The Dutch Cabinet has agreed with the proposal of Minister of Economic Affairs Laurens Jan Brinkhorst and Deputy Minister for Education, Culture and Science Medy van der Laan, to switch off the analogue terrestrial TV transmitters in the Netherlands on the night of 29/30 October 2006. It was originally planned to switch off the transmitters on 1 January, but that was postponed because insufficient time had been given for consumers to find alternative means of reception.
From the end of October, digital terrestrial TV (DTT) will be available across the country. At the moment, only the public TV channels are available terrestrially, but soon the Dutch commercial stations and some non-Dutch stations will be available via DTT. Then, the platform will become a fully-fledged alternative to cable, satellite and Internet.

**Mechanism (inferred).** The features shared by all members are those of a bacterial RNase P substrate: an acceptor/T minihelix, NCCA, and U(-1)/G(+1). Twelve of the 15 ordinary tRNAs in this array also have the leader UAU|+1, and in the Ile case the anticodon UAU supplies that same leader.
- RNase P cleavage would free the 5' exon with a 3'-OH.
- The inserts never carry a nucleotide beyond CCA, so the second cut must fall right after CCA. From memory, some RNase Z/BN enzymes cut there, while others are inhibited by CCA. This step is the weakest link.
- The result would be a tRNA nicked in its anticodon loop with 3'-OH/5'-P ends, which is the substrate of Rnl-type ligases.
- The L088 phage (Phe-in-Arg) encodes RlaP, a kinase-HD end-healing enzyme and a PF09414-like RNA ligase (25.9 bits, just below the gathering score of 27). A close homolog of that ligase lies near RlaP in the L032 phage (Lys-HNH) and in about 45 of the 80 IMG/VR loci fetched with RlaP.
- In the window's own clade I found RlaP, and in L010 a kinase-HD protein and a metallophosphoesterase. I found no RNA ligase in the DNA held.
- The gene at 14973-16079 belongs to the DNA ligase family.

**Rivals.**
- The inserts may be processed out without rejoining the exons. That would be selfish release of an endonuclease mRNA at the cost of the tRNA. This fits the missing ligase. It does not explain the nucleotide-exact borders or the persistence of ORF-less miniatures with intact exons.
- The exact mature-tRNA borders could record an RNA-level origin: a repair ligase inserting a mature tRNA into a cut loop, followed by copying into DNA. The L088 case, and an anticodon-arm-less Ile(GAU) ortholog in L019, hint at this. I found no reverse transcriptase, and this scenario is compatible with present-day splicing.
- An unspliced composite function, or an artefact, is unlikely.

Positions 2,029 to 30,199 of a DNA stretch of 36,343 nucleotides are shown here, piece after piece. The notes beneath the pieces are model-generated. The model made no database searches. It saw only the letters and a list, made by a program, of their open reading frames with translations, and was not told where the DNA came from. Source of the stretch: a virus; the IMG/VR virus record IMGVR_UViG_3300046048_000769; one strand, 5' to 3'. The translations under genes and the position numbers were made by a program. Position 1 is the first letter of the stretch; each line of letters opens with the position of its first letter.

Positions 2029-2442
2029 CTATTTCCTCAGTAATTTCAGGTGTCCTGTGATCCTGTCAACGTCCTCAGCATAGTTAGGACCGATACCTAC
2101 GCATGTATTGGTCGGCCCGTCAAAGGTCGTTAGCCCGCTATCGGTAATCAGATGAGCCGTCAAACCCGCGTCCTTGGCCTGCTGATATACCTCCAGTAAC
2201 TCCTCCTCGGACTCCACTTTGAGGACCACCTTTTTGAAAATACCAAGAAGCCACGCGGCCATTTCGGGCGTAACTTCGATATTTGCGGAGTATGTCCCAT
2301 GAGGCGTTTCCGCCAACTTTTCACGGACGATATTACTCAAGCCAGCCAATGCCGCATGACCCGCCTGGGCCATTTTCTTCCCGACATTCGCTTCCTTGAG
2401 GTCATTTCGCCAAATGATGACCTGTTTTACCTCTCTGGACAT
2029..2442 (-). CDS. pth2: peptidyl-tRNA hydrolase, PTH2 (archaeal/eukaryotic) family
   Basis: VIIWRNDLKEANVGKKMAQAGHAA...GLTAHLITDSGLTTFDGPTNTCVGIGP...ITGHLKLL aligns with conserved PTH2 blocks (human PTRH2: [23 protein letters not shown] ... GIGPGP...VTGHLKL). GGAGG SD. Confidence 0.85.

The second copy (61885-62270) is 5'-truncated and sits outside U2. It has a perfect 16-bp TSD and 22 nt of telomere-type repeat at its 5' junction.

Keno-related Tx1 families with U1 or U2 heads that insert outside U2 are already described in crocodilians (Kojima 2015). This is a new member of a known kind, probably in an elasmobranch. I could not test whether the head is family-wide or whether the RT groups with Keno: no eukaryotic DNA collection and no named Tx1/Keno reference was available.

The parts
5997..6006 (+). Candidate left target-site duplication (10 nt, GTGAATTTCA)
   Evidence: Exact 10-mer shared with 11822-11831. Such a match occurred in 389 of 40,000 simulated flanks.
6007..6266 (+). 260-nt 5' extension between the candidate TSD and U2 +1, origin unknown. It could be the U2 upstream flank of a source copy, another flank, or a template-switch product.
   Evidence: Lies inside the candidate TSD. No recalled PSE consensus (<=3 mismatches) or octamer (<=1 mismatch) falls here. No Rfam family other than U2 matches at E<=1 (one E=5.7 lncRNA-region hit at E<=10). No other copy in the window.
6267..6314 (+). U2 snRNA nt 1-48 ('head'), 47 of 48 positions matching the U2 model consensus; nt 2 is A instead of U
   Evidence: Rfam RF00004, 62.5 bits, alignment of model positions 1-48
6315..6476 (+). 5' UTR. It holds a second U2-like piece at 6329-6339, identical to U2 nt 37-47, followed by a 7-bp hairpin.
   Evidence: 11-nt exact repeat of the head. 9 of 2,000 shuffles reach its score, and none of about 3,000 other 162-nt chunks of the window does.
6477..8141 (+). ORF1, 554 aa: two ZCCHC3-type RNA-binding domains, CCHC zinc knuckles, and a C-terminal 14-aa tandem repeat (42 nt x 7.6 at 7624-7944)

Very few people in the Netherlands still use the analogue TV services, which cost 11 million euro a year to run. Between 2002 and 2006, the number of households depending on the analogue services has been more than halved, from 520,000 to 220,000. Of those about 28,000 households are not within reach of a cable service. A major advertising campaign will take place to advise these households of alternatives to the terrestrial service.
The government's decision means that the Netherlands becomes the first country in Europe to completely switch from analogue to digital for terrestrial TV reception
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